Guest Post by Fancy Flours Employee Lindsey K.
Welcome back to the third installment of our Springerle Series! This post will cover three mediums that you can use to top cookies in beautiful molded designs – modeling chocolate, fondant and marzipan. This is a super quick and easy way to take your cookies to the next level for wedding favors, birthdays, holiday gifts or just a sweet treat for a special someone.
If you missed our previous posts on how to craft with Springerle molds, see them here: Casting and Papercasting. As a quick review, Springerle cookies have been used to depict everything from biblical images to daily life since the 16th century. While the molds were originally used to make dense, cake-like cookies (see our recipe here!), they have advanced to be useful in crafting as well.
Our molds are made by House on the Hill of an heirloom quality wood and composite mix. Most of their images are casts of vintage molds and others are of their own design.
Before making our toppers for this tutorial, we pre-made cookies using our Gingerbread recipe. This recipe is fabulous for not only its taste, but for holding its shape. You could also use our No-Fail Sugar Cookie Recipe. We took note of the sizes of our molds and used cutters to make cookies just slightly larger.
We also pre-made our modeling chocolate, which is a surprisingly simple recipe from House on the Hill. You can also buy chocolate-flavored, white or colored fondant at most craft and baking stores. Or if you prefer to make your own, here’s a recipe from Allrecipes! And for you sweet almond lovers, you can simply use Marzipan from your grocery store.
I will show images using both the modeling chocolate (in brown) and fondant (in white). If you choose to use marzipan, you will follow the fondant instructions.
- Modeling chocolate, fondant or marzipan
- Cocoa powder (if using modeling chocolate)
- Powdered sugar (if using fondant or marzipan)
- Corn Syrup
- Springerle mold
- Cookies cut and baked in the shape of your mold
- 2 Pastry brushes
- Small dish (for cocoa powder or powdered sugar)
- Cooling rack (if using modeling chocolate)
- Pastry prep mat (optional)
- Luster or disco dust (optional)
- Small food-safe paint brush (optional)
1. Workspace prep: On a flat surface, lay down your Pastry Prep Mat or wax paper to protect your surface and keep your area clean. Fill a small dish with your dusting powder (either cocoa or powdered sugar) and set near your pastry mat with a clean, dry pastry brush. Set your modeling chocolate, fondant or marzipan in a bowl near your space for easy access. Set out your cooling racks if using modeling chocolate.
2. Dip your pastry brush in cocoa (for chocolate) or powdered sugar (for fondant or marzipan) and dust your Springerle mold so it has an thick, even coating throughout the design. The pastry brush is great for this as it won’t clog up the deeper areas.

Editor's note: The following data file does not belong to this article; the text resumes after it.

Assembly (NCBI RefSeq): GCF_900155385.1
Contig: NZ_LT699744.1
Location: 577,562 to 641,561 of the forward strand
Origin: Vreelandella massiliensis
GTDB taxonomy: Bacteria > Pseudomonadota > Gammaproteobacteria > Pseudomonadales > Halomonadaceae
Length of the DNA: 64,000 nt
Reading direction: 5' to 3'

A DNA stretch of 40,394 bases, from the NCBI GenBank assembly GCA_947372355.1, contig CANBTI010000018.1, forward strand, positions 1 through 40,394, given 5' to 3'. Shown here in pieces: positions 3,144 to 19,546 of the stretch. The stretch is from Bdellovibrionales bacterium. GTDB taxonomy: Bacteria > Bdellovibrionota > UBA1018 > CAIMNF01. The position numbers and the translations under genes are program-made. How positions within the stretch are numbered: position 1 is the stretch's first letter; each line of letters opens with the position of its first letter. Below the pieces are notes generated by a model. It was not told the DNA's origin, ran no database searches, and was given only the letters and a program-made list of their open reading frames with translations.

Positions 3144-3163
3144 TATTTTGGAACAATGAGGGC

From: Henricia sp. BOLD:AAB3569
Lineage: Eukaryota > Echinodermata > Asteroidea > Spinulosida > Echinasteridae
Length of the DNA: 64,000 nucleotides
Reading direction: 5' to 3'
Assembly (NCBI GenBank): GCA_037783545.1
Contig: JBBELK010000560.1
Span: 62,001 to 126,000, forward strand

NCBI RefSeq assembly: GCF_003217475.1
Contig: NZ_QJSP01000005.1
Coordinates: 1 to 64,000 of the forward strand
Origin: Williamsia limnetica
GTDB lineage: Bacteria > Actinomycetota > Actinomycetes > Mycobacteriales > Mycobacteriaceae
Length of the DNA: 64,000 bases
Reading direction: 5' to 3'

3. Lay your dusted mold face up on your pastry mat. Pull a ball of your topper medium from the bowl. It will need to be enough to fill the mold and a little extra to go over the edges.
Fancy tip: Your modeling chocolate should be the consistency of Play-Doh or perhaps even a touch harder. If it seems too soft or is sticking in your mold, flatten the ball into a pancake and refrigerate for 5-10 minutes.
4. Using your hands, press your medium into the mold. Be sure to push firmly to fill the deeper parts of the design.
5. When you feel the mold is adequately filled, flatten the back of your medium with a spatula. Press the topping to be quite thin unless you love a lot of chocolate or fondant on your cookies. 🙂
Fancy tip: If your spatula is sticking to your chocolate or fondant, dust with cocoa or powdered sugar, respectively.
6. Turn your Springerle mold upside down with your medium still in it. Use gravity (and some light taps on the table) to release it. Release time may be longer for deeper molds.
7. Trim any extra with a knife or spatula and return to your bowl for re-use. You could also use a cookie cutter sized to your mold (we have many available here).
8. For modeling chocolate only: Set your finished topper on a cooling rack to dry until firm (approximately 2 hours). You can make these ahead of time and keep in an airtight container at room temperature for up to 1 month.
9. Repeat steps 2-8 for as many toppers as you need. Be sure to dust the mold before every press for all options.
10. To adhere the toppers to your cookies, brush a thin layer of corn syrup on the back of your topper and set on your cookie. Let dry for at least 10 minutes.
11. For a fancy touch, “paint” your topper with luster dust. You will not need to mix the luster dust with anything for this project. It should stick directly onto your medium. We used Super Green and Old Gold. See all our Luster and Disco Dust colors here!
Display in a cute container for decoration or wrap in a simple polypropylene bag with a ribbon to hand out to friends and family. To create the snow effect on our Pinewood Cabin cookie, I dusted it with powdered sugar instead of the cocoa.
Molds shown in this tutorial are Tree on Table, Monogram F, Pinewood Cabin and Snowman.
We would love to see your projects. What did you make your toppers for? Show us in the comments or send an email to firstname.lastname@example.org!